In Saskatoon, Canada’s sunniest city, PV-cells integrated in stained glass generate colour, beauty – and solar energy. It’s proof that harvesting energy can not only be easy, but beautiful too.
Glass artist Sarah Hall and engineer Christof Erban developed the concept of placing solar cells between layers of glass. When Saskatoon’s Cathedral of the Holy Family commissioned Hall to design three new stained glass windows, she saw the opportunity to combine an old glass art form with modern solar technology. In her resulting stained glass installation, called ‘Light of Glory’, 1,000 small solar cells are embedded in 54 stained glass panels.
To produce the coloured photo-voltaic windows, Hall’s sketches were sent to a manufacturer in Germany where large sheets of glass enamel were airbrushed by hand. Because solar cells are not transparent, a painted ‘dichromic’ glass was added to the back of the cells. The silver painted colour of the glass makes the cells colourful and reflective and integrates them into the artwork. After the glass was tempered, the solar cells were embedded into the panels.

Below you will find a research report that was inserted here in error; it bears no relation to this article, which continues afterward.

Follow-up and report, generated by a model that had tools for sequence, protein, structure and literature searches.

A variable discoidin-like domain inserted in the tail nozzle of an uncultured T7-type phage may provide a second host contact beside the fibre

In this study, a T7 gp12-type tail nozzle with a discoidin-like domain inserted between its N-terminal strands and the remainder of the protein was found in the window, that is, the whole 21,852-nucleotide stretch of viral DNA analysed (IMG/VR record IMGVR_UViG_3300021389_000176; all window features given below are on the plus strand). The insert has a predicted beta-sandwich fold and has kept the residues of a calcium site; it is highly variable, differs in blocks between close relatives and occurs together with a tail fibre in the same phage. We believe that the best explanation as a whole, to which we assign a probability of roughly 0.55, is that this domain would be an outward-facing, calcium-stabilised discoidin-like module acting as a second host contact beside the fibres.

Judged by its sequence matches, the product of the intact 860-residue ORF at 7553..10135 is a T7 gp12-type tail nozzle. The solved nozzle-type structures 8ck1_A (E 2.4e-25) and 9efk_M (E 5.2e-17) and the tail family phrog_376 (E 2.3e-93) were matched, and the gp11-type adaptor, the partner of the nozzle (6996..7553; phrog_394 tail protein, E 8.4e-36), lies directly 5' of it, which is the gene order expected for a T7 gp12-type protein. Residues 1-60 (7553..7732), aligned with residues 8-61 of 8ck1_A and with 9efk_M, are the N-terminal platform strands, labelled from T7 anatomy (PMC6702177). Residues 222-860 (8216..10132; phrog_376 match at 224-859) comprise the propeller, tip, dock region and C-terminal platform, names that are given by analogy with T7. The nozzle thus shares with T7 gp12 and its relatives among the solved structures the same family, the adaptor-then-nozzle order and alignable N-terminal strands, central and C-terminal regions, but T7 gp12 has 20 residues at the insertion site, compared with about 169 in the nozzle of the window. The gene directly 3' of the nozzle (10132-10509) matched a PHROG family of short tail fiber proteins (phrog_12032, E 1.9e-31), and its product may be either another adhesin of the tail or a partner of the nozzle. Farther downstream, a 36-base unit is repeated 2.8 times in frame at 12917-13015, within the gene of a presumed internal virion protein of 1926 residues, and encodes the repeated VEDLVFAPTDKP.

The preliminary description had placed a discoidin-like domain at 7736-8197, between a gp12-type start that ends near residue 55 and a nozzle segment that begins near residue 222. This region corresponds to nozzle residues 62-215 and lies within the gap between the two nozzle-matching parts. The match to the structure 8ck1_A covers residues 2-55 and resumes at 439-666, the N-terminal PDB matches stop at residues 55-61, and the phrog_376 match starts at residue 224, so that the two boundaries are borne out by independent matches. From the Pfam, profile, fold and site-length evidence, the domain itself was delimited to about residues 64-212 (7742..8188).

The installed PV-cell windows are estimated to generate about 2,500 kilowatt hours of power each year, equivalent to about 20% of the electricity used each year in the average Canadian household. The cathedral is able to use the solar energy produced by the stained glass to offset its own power consumption from the grid.
It is the first example of a building-integrated photovoltaic system (BIPV) where solar panels are embedded directly into walls, windows or other parts of a building. It is a trend that is expected to grow, as it offers an alternative to the traditional practice of mounting bulky and often ugly solar panels on rooftops.
This Canadian design also brings awareness to harvesting solar energy. Solar cells need not be hidden away on roofs: harvesting energy can be both easy and beautiful.
You can read more about Sarah Hall’s projects here.